Zambia’s economic growth, like that of many developing countries, has been steady especially during the last ten years. It is expected to reach 7.4 per cent in 2015. But sustained growth has not led to significant job creation and poverty levels remain high with more than half of the population estimated to be living below the poverty line.
What’s more, much of the economic growth has come at a significant environmental cost. According to United Nations (UN) statistics, the proportion of area covered by forests decreased from 71 per cent in 1990 to 67 per cent in 2010. Most people in Zambia ─ 82%, according to the World Health Organization (WHO) ─ still depend on traditional fuels such as wood, coal, charcoal or animal waste to meet their daily energy needs. Household air pollution attributable deaths for all age groups and both genders in Zambia amounted to 8240 in 2012, according to WHO statistics published in May 2015, with more than half a million total years of life lost due to ill health, disability or early death in 2012.
This led authorities to look at the linkages between job creation and the greening of the economy, which resulted in the establishment of the Zambia Green Jobs Programme – a five-year US$ 12.1 million project developed jointly by the Government of Zambia and the UN. The Programme aims to support the creation of green jobs among small- and medium-sized enterprises in the Zambian building construction industry. It is led by the International Labour Organization (ILO) with financial assistance from the Government of Finland.
Entrepreneur learns eco-friendly building techniques
Omba Lacey is one of the many dynamic entrepreneurs from Lusaka who has joined the programme. She has been running a house construction business in the Zambian capital since 2007. Last year, she took part in an ILO training course “Start and improve your green construction business.” This was an eye-opener for her.
“I had never even considered using sustainable materials in my work before. Now I know I can use local material such as clay and earth bricks and timber in construction,” she said.
“We recently constructed a house where I could put what I learned into practice. I saved a lot of time and money.”
Omba Lacey who runs a house construction business in the Zambian capital
The training has changed Lacey’s business. Together with 15 men and women who also attended, she decided to found a green consortium to deliver green goods and services.
“We recently constructed a house where I could put what I learned into practice. I saved a lot of time and money by using locally-sourced materials such as timber for roofing, door and window frames, compressed earth bricks for the walls, rainwater harvesting for water and solar panels for energy. The cost of building a house can be slashed by up to 70 per cent, which also makes houses more affordable for everyone,” she explained.
She was also taught not to cut down all the trees at a construction site, and to use the timber of the trees she had to clear to build the house.
Previously, Lacey would import materials (such as aluminium and steel) from South Africa and China; this was costly and bad for the environment.
“The construction sector has played a central role in Zambia’s growth in recent years. It can contribute to reducing greenhouse gas emissions through the promotion of eco-friendly building materials, services, goods and technologies such as energy saving, renewable energy and water conservation,” said Tapera Muzira, Chief Technical Advisor of the Zambia Green Jobs Programme.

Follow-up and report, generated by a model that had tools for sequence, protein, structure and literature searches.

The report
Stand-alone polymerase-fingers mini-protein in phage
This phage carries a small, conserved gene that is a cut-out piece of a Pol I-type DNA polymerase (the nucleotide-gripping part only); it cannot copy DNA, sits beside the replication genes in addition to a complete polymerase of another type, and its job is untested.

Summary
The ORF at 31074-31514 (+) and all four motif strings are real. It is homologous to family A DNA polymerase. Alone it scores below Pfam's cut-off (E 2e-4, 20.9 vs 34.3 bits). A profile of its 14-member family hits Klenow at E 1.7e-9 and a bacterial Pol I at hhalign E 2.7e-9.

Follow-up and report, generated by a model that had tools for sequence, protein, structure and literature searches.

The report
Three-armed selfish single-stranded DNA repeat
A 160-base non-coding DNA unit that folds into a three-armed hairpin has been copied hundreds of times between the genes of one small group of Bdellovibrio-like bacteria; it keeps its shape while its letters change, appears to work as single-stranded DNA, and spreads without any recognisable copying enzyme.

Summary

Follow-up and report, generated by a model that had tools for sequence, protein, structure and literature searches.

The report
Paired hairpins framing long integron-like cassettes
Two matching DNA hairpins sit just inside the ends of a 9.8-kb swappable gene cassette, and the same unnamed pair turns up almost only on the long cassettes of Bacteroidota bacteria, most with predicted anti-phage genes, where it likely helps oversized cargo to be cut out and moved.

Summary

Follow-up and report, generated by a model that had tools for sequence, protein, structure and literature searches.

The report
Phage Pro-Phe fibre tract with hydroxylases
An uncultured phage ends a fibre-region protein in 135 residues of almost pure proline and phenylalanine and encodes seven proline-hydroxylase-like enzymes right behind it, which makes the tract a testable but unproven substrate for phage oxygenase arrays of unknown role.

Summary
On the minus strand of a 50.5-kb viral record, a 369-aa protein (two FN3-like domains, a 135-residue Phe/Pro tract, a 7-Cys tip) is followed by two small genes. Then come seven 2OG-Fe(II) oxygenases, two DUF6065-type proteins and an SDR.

“To facilitate this process, the ILO is currently implementing a specific programme to promote green jobs in the construction sector,” he added.
Better safety and social protection
According to ILO figures from 2012, Zambia requires 1.3 million new dwellings before 2030. That is one house every two minutes of each working day for the next 19 years. So the sector also offers good opportunities for job creation.
“We estimate that the programme will, facilitate the creation of 5,000 jobs by 2017 through its partners from the government and sector. It will also improve the quality of 2,000 existing jobs by enhancing productivity and working conditions,” added Muzira.
However, the building construction sector is among those prone to workplace accidents and injuries, so the ILO programme also includes a component aimed at promoting occupational health and safety in the construction industry.
Similarly, because the sector still faces many challenges in terms of decent work, with high levels of informal employment, few pension rights and the prevalence of many short term contracts − especially workers going from one construction site to another − a second component was added, this time looking at extending social protection to vulnerable workers in the construction sector.
As an entrepreneur, Lacey believes that training and awareness-raising in the green construction industry are essential for the sector to contribute to job creation and sustainable development.
“More people need to be trained so that more entrepreneurs such as myself can benefit and invest in eco-friendly techniques. Also, access to funds should be facilitated especially to purchase machinery adapted to green construction. As an employer, I also support efforts being made to improve occupational health and safety, as well as access to social protection for workers,” she added.
“Zambia needs more and better jobs for inclusive and green growth. The Green Jobs Programme in Zambia provides a good example of what can be done in developing countries to invest in sustainable development while also moving forward on occupational health and safety and extension of social protection. We want to show combining more decent work opportunities with environmental-friendly practices is feasible at a reasonable cost,” Muzira concluded.